# Exponent Experimentation 3

## Task

In each equation below, $x$ can be replaced with a number that makes the equation true. Find such a number.

- $64=x^2$
- $64=x^3$
- $2^x=32$
- $x=\left(\frac25\right)^3$
- $\frac{16}{9}=x^2$
- $2\cdot2^5=2^x$
- $2x=2^4$
- $4^3=8^x$
- $x^2=25$
- $\left(x+1\right)^2=25$

## IM Commentary

The purpose of this task is to give students experience working with exponential expressions and with what is meant by a solution to an equation. The intention of this task is for students to keep to the spirit of 6.EE.B.5 (rather than rehearsing some procedure):

Understand solving an equation or inequality as a process of answering a question: which values from a specified set, if any, make the equation or inequality true? Use substitution to determine whether a given number in a specified set makes an equation or inequality true.

The reasoning for some of these may take a few steps that represent reasoning appropriate in grade 6. For example, here is a way to reason about part (f):

\begin{align}

2\cdot2^5 &= 2^x\\

2\cdot2\cdot2\cdot2\cdot2\cdot2 &= 2^x\\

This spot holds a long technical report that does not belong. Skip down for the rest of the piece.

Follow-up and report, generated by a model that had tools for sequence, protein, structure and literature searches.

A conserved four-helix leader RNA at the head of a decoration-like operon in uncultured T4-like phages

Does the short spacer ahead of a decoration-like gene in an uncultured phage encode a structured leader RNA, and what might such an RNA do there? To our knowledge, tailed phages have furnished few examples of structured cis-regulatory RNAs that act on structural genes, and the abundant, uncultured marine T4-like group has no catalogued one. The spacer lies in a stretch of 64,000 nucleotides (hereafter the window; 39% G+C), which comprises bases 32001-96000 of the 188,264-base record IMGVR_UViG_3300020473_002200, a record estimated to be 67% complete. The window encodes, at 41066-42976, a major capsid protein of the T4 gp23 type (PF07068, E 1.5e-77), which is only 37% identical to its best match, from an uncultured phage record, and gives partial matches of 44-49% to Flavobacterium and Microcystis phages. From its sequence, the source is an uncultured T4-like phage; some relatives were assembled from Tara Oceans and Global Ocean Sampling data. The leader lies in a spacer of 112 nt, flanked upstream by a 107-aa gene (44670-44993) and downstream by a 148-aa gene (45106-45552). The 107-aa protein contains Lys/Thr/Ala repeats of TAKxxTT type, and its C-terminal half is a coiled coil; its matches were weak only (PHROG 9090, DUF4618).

2^6 &= 2^x

\end{align}

Over the rational numbers, some of these equations also have solutions that are negative. However, since operations on negative numbers aren't a part of grade 6 standards, students will likely only consider positive values in this task, and that is acceptable at this stage (much in the same way we wouldn't expect them to come up with $-2+2i\sqrt{3}$ as a solution to part (b)). In order for students to check their work, a teacher might provide an opportunity to engage in MP3 by pairing them up and giving instructions to discuss any equations where the partners obtained different solutions.

The type of thinking required in moving from part (i) to (j) requires making use of structure (MP7) and seeing the $x+1$ as a thing that is being squared. It might be nice to follow up work on these parts with a similar question that uses a number other than $1$ or a perfect square other than $25$.

## Solution

- $8$
- $4$
- $5$
- $\frac{8}{125}$
- $\frac43$
- $6$
- $8$
- $2$
- $5$
- $4$

## Exponent Experimentation 3

In each equation below, $x$ can be replaced with a number that makes the equation true. Find such a number.

- $64=x^2$
- $64=x^3$
- $2^x=32$
- $x=\left(\frac25\right)^3$
- $\frac{16}{9}=x^2$
- $2\cdot2^5=2^x$
- $2x=2^4$
- $4^3=8^x$
- $x^2=25$
- $\left(x+1\right)^2=25$